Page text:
Things To Do In Verona Italy
Verona has history all throughout its streets. Not only in its museums, but even simply strolling through Verona's streets one sees testimonies of distant times. 60 million years ago the entire area was under sea level. In the red marble of the streets and of the houses today, one can still find fossilised sea-creatures. From the ground you walk on to the tip of the tallest building, Verona is a very beautiful and clean city.
Every time we would go to Verona, we would start our journey at Bra' Square. Piazza Bra is made up of several different parts.
- The gardens area with a water fountain and a lot of benches where you can sit and enjoy the passer-by's.
- The Philharmonic Academia preserves a great number of musical works both printed and handwritten and a precious and rare collection of antique musical wind and cord instruments.
- The Philharmonic Theatre
- The Mafffei Museum has a collection of Etruscan, PaleoVeneto, Greek, Latin and Hebrew epigraphs.
- The Arena
The Arena is a Roman Amphitheatre that is the third largest amphitheater of its kind. It measured about 153m by 124m and was some 30m high. It has 44 marble tiers supported by 4 concentric galleries with 72 arches. It was able to contain roughly 30,000 people which was more then the population of the city of Verona back then. Festivals were held here in occasions of importance: jousts, tournaments, bull fights and weddings. On August 10th, 1913 there was a performance of Aida which held in occasion of the hundredth anniversary of the birth of Giuseppe Verdi (an Italian Romantic composer, mainly of opera). Since then, every summer, with the exception of the World Wars, there has been an Opera Festival attracting people from all over the world. There wasn't a time we were in Verona that the Arena didn't have something going on.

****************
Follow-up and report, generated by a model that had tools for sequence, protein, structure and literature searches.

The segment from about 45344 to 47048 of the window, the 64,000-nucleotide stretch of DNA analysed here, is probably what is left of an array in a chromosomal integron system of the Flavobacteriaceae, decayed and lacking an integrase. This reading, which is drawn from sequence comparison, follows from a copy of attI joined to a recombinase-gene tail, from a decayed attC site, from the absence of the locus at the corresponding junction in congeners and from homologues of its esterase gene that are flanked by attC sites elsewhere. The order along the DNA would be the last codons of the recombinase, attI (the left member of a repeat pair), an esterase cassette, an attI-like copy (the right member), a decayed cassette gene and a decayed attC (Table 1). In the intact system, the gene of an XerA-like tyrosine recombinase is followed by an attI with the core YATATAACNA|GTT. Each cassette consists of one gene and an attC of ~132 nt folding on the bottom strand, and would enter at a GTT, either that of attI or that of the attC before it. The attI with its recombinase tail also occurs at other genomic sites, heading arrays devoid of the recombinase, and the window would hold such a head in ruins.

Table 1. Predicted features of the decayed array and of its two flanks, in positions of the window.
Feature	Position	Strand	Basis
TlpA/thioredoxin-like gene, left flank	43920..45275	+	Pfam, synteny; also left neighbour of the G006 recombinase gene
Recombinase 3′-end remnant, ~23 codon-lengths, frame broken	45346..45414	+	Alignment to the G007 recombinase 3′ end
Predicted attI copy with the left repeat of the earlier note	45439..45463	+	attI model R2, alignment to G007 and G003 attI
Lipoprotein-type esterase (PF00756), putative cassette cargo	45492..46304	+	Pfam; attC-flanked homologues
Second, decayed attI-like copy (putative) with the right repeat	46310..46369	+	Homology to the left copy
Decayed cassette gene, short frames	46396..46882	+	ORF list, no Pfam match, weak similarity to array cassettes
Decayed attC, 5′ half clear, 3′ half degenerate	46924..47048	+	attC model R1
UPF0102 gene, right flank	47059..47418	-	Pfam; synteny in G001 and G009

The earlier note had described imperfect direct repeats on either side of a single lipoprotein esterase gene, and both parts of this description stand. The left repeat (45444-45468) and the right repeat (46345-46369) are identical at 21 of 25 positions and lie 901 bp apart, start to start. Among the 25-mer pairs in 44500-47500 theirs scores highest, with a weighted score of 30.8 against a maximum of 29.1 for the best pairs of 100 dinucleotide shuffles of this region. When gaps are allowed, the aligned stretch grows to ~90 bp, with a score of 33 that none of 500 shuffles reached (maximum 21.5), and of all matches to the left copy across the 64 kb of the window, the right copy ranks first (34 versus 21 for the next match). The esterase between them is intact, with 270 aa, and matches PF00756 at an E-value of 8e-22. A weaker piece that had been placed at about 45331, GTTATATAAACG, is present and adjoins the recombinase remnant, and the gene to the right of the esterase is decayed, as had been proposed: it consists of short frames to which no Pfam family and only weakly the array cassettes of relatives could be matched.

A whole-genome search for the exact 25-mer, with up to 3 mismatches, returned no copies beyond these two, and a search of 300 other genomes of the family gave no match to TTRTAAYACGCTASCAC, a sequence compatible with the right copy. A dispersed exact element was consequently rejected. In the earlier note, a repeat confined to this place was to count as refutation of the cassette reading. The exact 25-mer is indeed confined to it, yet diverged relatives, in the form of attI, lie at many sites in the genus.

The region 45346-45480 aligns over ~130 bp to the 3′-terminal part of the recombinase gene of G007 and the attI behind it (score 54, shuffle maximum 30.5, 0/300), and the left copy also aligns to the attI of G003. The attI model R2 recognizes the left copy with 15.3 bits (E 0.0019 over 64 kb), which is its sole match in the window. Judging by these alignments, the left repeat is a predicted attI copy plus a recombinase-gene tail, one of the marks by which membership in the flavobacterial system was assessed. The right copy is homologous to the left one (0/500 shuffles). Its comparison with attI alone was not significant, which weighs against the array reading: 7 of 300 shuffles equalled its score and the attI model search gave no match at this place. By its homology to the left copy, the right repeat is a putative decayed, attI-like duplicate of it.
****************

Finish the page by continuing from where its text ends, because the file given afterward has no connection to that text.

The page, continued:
Casa Di Giulietta (House of Juliet)
Whenever I think about Juliet, it's always the Shakespeare version of Romeo and Juliet.
Two households, both alike in dignity, in fair Verona, where we lay our scene, From ancient grudge break to new mutiny, where civil blood makes civil hands unclean.
To actually stand under (or on if you pay for it) Juliet's balcony is amazing. In the courtyard of the House of Juliet there is a bronze statue of Juliet. Traditions have grown up around it saying that if you rub the breast of the statue, you will be fortunate in love. Every time we took our visitors to Verona we would stop to see the statue. The entry way is always changing with new writings and signatures on the walls. I'm not sure if they paint over the walls or how they manage to always have space for new signatures but with the thousands (if not millions) of visitors this place gets a year they would have to do something with it.
Above the greenery around the courtyard there is a resturant up there that has some amazing food and the atmosphere is great! While we were there, some friends of ours paid to have their names carved in bricks that were laid in the flooring. It would be amazing to go back and see what it looks like today.
The Castle was originally knows as San Martino in Aquaro because it had enclosed a church of that name which was demolished by Napoleon. It became old (vecchio) only after the construction of new fortifications on the hill of San Pietro. Napoleon constructed a barracks in the courtyard, closing it to the river and other bank being Austrian territory.
After WWI, part of the castle became a museum. Restored, it was at this point that the beautiful doors and windows from other destroyed buildings were inserted in the walls of the barracks.
During WWII, the castle was sight of the trial of Ciano, son-in-law of Mussolini, accused of having betrayed the Fascist cause. He was executed just up-stream. A little later it was bombarded, and the bridge was destroyed by the retreating Germans. The bridge was rebuilt with what original materials were possible and then further altered in 1958 by Carlo Scarpa.